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In Pursuit of Poutine

There are a few odd things that happen when you marry a Canadian.

The first is that you start pronouncing ‘out’ as ‘oat’ and adding ‘eh?’ to the end of statements to turn them into questions. Eg: It’s cold oat [out], eh?

You also realise that you don’t need to indicate that a sport is ‘ice hockey’. Hockey is automatically ice hockey, despite my South African sensibilities that indicate otherwise.

And then there’s the cuisine. Being a foodie, I was quite excited about this part. Canadian staples seemed to be dessert-focused, which is something I can truly get behind. There are Timbits, utterly delectable doughnut holes that you batch-buy at any Tim Horton’s coffee shop. A “Timmies” in Canada is as ubiquitous as a Starbucks in the States or a Wimpy in South Africa. They come in a variety of flavours (my favourite is birthday cake but Chris will fight me on that, favouring the sour cream glaze instead). Then there are Beavertails, which are really just flattened doughnuts.

Okay, we get it. The Canadians like doughnuts. But then he told me about poutine.

What is Poutine?

“Poo-what?” I repeated, my nose wrinkling with distaste.

“Poutine. Fries, gravy and curds,” he said, a manic glint in his eye.

I understand chips (fries) with tomato sauce, even if I won’t touch the stuff. I adore chips with mayo, like they do in Belgium or better yet, a tasty aioli. But GRAVY? Won’t it make them soggy? (The answer was yes, and that’s a good thing). The next query I had pertained to curds.

Curd Discovery

Because the only time I have ever heard of anything ‘curd’ is in the Little Miss Muffet nursery rhyme. If you don’t recall, she sat on her tuffet, eating her curds and whey. Whatever those were. Turns out ‘curds’ means ‘cheese curds’ and they’re pellet-sized lumps of cheese-but-not-cheese. It’s not pieces of grated mozzarella. Curds are not the same as cheese. They’re curds. Apparently they’re sort of tasteless, a bit like haloumi in texture and squeak as you bite them. The key is for the chips and gravy to be piping hot in order for the curds to melt upon impact and then immediately consumed. And the gravy, if you’re wondering, has to be beef and extremely salty.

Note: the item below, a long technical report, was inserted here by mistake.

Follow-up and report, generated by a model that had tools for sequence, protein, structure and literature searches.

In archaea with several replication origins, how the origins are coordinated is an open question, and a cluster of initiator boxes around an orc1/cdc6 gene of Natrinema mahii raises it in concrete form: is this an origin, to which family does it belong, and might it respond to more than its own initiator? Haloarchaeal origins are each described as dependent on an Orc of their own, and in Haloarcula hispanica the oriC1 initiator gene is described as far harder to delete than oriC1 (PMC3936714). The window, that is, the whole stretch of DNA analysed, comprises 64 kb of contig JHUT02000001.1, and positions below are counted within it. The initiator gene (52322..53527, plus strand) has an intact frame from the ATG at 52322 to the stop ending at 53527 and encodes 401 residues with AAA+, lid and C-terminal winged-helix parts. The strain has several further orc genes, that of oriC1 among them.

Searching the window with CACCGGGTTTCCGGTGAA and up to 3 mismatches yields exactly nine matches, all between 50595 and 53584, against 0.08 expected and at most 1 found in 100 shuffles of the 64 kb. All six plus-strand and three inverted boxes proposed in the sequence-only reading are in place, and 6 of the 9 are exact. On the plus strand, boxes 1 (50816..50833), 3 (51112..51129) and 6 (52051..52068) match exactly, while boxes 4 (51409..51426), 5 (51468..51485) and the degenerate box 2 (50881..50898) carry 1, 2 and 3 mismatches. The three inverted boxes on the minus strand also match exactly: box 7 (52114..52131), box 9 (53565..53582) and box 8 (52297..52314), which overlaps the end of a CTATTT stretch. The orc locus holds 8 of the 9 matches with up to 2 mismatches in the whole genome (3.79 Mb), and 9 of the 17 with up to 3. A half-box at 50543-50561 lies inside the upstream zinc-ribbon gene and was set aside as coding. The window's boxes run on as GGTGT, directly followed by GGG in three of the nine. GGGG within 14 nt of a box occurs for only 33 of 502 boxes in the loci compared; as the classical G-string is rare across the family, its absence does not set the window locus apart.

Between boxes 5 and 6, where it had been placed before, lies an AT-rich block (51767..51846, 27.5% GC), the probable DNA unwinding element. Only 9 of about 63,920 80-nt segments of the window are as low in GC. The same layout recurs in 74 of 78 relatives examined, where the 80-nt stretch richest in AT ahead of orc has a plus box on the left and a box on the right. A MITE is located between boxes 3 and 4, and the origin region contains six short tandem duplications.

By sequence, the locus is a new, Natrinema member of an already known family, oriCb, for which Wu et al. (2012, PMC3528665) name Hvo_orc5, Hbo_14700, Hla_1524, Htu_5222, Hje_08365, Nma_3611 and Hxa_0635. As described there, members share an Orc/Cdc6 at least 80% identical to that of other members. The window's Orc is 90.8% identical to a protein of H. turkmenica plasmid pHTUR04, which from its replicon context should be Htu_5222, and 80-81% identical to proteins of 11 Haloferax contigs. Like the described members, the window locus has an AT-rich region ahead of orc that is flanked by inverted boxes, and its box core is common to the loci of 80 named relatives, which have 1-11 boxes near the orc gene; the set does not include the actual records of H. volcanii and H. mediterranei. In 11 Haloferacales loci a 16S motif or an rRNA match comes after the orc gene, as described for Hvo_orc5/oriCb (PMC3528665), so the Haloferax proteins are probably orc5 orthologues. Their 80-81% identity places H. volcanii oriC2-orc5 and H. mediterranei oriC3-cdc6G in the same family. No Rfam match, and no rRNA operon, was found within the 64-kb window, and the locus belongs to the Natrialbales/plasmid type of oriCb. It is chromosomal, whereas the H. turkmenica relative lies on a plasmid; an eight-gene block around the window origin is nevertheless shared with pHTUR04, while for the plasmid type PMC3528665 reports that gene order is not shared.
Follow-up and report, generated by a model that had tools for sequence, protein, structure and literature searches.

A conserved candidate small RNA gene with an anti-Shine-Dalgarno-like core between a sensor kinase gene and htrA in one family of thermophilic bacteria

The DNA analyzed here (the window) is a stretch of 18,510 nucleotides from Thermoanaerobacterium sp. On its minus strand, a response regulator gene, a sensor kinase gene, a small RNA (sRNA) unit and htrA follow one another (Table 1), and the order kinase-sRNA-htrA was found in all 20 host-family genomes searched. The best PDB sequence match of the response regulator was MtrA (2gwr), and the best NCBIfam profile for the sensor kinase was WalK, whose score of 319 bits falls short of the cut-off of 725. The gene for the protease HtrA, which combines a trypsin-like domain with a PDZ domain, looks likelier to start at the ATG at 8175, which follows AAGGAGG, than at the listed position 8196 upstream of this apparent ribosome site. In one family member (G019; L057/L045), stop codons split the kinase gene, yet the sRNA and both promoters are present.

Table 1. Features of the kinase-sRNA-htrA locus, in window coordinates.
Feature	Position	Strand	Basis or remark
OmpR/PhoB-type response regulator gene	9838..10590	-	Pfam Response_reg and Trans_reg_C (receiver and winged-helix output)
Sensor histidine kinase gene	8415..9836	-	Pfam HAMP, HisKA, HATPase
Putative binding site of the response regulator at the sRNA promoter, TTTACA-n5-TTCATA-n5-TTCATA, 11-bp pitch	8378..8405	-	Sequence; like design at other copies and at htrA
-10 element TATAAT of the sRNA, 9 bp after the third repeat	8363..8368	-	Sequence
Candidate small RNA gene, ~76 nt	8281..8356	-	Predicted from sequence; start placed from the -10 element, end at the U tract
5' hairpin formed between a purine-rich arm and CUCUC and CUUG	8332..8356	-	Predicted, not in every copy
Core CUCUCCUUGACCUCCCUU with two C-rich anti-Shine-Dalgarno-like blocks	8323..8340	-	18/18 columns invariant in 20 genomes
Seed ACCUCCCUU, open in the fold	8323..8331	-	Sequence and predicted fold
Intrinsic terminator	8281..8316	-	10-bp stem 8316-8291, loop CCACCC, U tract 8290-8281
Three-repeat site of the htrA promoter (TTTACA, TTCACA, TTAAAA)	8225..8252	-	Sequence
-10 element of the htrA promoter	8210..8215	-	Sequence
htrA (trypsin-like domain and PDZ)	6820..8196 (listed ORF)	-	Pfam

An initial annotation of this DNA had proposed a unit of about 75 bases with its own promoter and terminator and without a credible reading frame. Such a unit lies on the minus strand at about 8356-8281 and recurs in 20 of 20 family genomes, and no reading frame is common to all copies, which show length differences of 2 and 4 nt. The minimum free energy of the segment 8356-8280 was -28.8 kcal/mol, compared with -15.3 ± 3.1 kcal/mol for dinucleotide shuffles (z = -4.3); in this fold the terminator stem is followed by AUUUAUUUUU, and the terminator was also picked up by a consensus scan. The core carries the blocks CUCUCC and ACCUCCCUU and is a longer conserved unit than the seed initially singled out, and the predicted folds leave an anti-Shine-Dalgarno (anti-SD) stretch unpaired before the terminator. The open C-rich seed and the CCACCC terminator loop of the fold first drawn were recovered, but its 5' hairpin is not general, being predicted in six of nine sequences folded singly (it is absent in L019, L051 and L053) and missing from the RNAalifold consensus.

I was repulsed. And when he pulled up a photo, I nearly hurled…

Trying Poutine for the First Time

Until I visited Canada and tried them in person. My friends, there is no going back. Classic poutine is the way to go, but it’s a gateway drug. I’ve had poutine with pulled pork. Poutine with perogies. I have even tried to replicate poutine in South Africa but it’s really hard to do because I can’t get hold of bags of cheese curds no matter where I look. In Canada, you can get them just about anywhere but in South Africa, they are nowhere to be seen. I even asked a specialty cheese shop and they just looked at me.

As I type this, I’m in withdrawals. We were meant to visit Canada this past December but of course, with COVID, plans changed. And so goes another year without shoveling pulled pork poutine down my throat.

Have you tried poutine? Would you try it?

Photo: Creative Commons/Yuri Long

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Tayla Blaire

Tayla Blaire is a South African writer, teacher, epicurean, and (most importantly) mother to all cats. Tayla has been thinking (and subsequently writing) about food since she was a tiny tot after her mother taught her that measuring ingredients was for the weak. If you’re interested to see what Tayla has whipped up recently, check out her Instagram profile @tayla.blaire to see the recipes that she has lovingly filmed in her very own too-small kitchen.

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